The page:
By Harriet Pearson, VP Security Counsel & Chief Privacy Officer, IBM
OK, so a century is not what most people use as a frame of reference these days, especially not in the technology industry!
But it is fair game for those of us who work at IBM, a company that celebrates its centennial this year and has, for almost as long, been at the forefront of thought and action when it comes to privacy and data protection (and at the forefront of a few others things too, such as groundbreaking technology and business models).
And why should that be relevant to you? Because, despite the very important developments unfolding daily in privacy and data security, the real and lasting approaches to addressing these critical issues will come from long-term attention and focus grounded in historical perspective, deliberate analysis and informed dialogue. We at IBM have operated successfully through a number of technology and business cycles, all over the globe, and we aspire to continue to do so for the next hundred years. We have learned over the years that:
- There are no simple answers. Privacy is not “dead,” so we must not “just get over it.” Fostering transparency of data practices is not enough, because putting the burden solely on individuals to manage their own privacy is not fair or workable. Reactive regulation, especially if it is technologically-specific or overly detailed, risks retarding the innovation and growth that today’s information-intensive industries represent. It’s going to take a variety of efforts, and some leadership in all sectors, to address the challenge of protecting privacy in the current era.
- Meeting privacy expectations starts with appropriate data collection and use policies adopted at multiple levels: individual, societal, industry and organizational. All the IT security precautions in the world will not guard against the inappropriate decision to share personal information. The policies set by our society and institutions should reflect contemporary norms and values and should of course comply with relevant laws.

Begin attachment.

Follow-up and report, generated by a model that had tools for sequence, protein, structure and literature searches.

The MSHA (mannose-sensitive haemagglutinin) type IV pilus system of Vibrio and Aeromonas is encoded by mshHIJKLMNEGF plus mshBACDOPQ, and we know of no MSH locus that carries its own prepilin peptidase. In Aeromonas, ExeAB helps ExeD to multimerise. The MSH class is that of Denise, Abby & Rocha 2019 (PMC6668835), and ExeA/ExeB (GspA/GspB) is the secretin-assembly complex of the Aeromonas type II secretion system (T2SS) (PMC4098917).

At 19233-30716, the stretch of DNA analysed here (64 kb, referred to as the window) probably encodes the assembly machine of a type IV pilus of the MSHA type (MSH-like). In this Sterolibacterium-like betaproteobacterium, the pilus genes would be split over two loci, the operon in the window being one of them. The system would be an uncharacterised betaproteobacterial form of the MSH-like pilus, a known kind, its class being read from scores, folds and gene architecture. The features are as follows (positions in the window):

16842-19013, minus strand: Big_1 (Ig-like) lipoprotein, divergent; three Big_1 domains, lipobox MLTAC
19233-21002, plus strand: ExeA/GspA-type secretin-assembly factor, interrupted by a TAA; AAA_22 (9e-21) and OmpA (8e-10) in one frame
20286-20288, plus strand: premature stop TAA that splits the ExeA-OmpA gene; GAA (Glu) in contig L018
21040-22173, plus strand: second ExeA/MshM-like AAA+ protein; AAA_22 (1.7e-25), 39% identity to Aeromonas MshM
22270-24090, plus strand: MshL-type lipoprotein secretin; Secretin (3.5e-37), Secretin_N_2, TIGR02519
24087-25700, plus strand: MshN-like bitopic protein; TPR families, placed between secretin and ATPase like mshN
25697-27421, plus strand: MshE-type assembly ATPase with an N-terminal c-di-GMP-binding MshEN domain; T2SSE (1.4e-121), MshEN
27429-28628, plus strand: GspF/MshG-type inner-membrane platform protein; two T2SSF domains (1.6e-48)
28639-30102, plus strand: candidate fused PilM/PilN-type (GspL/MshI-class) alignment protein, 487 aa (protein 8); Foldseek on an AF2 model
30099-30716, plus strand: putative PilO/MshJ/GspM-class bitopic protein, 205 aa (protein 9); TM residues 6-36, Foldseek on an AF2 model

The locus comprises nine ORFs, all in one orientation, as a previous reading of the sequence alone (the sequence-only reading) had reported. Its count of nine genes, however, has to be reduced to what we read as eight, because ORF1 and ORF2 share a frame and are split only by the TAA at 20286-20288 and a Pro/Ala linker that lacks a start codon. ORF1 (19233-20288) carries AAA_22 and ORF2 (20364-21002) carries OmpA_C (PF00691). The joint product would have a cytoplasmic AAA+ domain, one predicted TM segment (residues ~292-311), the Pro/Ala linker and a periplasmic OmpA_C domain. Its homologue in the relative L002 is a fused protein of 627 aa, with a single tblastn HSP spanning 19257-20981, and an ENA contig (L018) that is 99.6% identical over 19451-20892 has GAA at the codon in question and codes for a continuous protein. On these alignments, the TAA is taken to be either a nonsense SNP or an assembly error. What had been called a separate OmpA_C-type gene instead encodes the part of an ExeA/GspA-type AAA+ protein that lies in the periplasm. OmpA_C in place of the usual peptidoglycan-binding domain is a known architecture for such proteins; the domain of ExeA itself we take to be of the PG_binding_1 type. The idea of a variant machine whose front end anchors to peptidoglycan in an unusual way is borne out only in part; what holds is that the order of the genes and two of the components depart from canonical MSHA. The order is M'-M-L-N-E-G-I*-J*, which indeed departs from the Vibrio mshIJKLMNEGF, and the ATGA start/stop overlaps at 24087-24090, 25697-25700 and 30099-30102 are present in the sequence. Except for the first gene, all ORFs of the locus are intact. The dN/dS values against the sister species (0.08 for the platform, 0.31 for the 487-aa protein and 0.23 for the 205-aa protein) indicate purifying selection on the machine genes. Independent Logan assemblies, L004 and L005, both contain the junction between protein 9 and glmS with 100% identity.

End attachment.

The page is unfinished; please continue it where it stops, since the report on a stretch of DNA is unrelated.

- Privacy policies are not enough. There must be implementation of those policies, with sufficient accountability and oversight to protect against the consequences of inattention or abuse. The increasingly influential “privacy by design” paradigm is helpful in this regard, helping us all to embed privacy thinking into our organizations, from the start, and by design.
- Technology can play a useful role. Increasingly leaders in the privacy field are looking to creative technologies that can protect or otherwise support the accountable use of personal information. This is very promising, whether it’s to help automate measures (like privacy assessments) that otherwise would be cumbersome and too expensive to do, or to mask or otherwise guard data (like homomorphic encryption or privacy-preserving identity management) while enabling its productive use.
What do you think?
A concluding note: Via this site and in other ways, we aspire to add value to your work and perhaps to inspire you as well with ideas, contacts and linkages you may not have seen elsewhere.
The resources on this site are assembled and updated directly by IBM’s Privacy & Data Protection team, a global team of recognized experts in policy, business practices, law and technology. We hope you will find our materials useful, and we invite your constructive ideas and thoughts.